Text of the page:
In the weeks since the state Legislature called it a session, some familiar faces have said farewell to public life. The exodus continued on March 28 when longtime Eastside leader Joan McBride (D-48) announced that she will not be seeking a third term in the Washington State House of Representatives.
In the announcement, McBride pointed to her work supporting cities, promoting affordable housing and updating the Public Records Act in the Legislature, where she served for four years as assistant majority floor whip and two years as vice chair of the Local Government Committee.
“After 25 years as an elected official in various offices, I want to take time to pursue some of the passions of my youth,” she is quoted in the press release that announced her decision. “I’ll remain politically involved just without the mantle of public office.”
McBride added that she was proud of her two-and-a-half decades in politics.
“Washington State is now the better Washington,” she told the Reporter. “We’re compassionate, thoughtful and we want all of our citizens to be safe…We want to have a just community throughout our state, and I think we’re doing a very good job.”
A former Kirkland mayor, McBride was first elected to represent the 48th District in 2014. The district, which includes Kirkland, Redmond, Bellevue and the points cities, was previously held by Lt. Gov. Cyrus Habib.
McBride’s life in politics began on the Eastside, shortly after a stint lobbying on behalf of the federal Women, Infants and Children (WIC) program. She said that she felt like she wasn’t getting through to her representatives.
“I thought it would be so much better to make the decision and have the vote,” she said. “Instead of having to talk someone into it.”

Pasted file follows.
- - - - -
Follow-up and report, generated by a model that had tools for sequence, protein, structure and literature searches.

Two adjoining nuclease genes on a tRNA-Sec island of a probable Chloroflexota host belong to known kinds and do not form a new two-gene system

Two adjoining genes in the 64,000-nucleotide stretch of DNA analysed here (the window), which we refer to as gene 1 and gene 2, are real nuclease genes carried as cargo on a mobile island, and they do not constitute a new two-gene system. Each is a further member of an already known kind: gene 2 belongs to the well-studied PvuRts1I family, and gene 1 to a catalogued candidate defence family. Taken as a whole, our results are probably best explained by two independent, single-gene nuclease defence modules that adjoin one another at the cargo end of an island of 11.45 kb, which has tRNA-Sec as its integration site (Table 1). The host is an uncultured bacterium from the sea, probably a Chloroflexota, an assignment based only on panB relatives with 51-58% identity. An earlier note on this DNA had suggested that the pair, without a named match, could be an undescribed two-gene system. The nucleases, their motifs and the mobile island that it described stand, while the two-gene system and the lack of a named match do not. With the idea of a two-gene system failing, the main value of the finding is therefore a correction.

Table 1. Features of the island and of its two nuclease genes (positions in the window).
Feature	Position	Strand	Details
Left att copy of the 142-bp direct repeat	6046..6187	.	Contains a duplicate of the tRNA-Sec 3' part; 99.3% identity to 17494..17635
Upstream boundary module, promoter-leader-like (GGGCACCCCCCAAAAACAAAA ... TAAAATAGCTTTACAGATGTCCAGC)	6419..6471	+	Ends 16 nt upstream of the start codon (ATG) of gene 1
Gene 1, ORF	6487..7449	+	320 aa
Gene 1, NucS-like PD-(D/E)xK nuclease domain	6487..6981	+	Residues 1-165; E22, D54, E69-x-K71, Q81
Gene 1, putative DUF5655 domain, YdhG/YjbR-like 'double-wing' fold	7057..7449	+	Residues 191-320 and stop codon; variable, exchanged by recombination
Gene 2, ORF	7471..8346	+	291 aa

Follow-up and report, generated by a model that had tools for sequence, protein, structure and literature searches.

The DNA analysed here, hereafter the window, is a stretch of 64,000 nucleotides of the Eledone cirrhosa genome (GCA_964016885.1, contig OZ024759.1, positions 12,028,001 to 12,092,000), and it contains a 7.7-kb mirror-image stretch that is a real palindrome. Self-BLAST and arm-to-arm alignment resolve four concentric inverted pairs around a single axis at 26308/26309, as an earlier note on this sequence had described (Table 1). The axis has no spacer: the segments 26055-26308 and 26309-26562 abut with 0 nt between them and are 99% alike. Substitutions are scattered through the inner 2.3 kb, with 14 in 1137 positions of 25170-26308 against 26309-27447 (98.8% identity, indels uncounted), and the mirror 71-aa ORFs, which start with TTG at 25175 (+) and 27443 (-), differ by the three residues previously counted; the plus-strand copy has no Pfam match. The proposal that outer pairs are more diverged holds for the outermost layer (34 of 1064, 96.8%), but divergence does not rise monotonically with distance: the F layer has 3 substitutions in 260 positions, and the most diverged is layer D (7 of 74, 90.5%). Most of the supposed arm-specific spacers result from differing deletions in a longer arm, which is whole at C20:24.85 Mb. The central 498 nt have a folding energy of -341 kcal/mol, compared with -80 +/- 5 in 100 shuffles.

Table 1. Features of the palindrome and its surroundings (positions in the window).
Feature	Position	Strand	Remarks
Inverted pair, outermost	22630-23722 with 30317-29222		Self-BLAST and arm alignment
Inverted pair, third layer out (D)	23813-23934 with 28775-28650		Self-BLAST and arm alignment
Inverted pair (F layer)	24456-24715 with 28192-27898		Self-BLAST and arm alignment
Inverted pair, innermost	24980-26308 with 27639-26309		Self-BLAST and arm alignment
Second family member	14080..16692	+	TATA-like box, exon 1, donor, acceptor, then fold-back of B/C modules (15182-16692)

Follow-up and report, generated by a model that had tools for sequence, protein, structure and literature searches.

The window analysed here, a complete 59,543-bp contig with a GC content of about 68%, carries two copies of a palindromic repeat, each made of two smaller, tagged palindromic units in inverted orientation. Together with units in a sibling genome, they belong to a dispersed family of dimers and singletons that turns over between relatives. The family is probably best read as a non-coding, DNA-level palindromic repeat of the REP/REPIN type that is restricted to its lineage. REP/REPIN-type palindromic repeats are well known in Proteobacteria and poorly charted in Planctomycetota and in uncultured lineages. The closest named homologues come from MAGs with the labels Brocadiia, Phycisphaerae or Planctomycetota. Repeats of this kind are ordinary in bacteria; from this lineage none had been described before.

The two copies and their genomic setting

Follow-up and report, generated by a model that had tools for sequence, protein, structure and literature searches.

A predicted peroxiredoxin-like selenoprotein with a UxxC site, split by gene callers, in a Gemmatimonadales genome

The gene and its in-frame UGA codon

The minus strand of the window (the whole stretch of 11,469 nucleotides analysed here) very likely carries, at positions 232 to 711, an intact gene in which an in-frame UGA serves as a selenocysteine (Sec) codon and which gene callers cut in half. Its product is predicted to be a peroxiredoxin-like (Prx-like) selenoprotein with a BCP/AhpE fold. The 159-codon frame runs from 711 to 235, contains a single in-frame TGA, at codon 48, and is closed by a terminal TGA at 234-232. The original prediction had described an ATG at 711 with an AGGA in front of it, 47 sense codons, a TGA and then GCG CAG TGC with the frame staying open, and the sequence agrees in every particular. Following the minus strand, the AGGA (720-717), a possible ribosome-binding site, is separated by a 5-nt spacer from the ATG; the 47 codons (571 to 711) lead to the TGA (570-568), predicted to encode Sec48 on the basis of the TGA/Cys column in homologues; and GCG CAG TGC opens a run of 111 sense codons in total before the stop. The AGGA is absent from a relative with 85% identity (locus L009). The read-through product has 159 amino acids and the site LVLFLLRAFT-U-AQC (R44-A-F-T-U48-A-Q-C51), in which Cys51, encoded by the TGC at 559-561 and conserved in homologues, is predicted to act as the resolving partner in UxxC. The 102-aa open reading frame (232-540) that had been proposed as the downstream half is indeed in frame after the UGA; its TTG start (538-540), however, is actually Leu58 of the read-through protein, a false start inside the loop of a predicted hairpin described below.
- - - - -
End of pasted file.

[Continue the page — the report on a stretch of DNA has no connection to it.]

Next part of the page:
McBride started local, winning a seat on the Houghton Community Council, where she served as chair. She was then elected to the Kirkland City Council, where she served for 16 years, including two terms as mayor.
Her background in local government followed her to the state House, where she was “considered a champion for our cities and counties,” she said. McBride said she wanted to make sure that “when we pass laws at the state, it’s not an unfunded mandate for our cities.”
McBride also said that the non-partisan nature of local elected office helped her work across party lines in Olympia.
“In my time in the Legislature, most everything I worked on, whether it passed or didn’t pass, was cooperative with the Republicans,” she said.
She said she is also proud of her work advocating for people with disabilities, and her “collegial and cooperative” approach to sensitive subjects like homelessness and gun violence.
McBride said she wanted to represent the diversity of the Eastside, and was “one of the very few gay elected officials in the state Legislature.”
According to her website, McBride recently married her partner of 14 years. They share a large extended family, including one grandchild.
After retiring, McBride said she would “move on to some things that I deeply care about,” including spending more time with her family, writing and mentoring other leaders.
McBride has already “enthusiastically endorsed” a candidate for her seat in the State House, Kirkland Mayor Amy Walen.
Walen “has all the attributes and experience we need in Olympia — including a passion to reduce gun violence and promote prosperous, safe, and affordable communities,” McBride stated in the press release.
“It has been an honor and the privilege of a lifetime to represent the 48th, and I leave it in a very good position,” McBride said. “I look forward to supporting Amy as she campaigns.”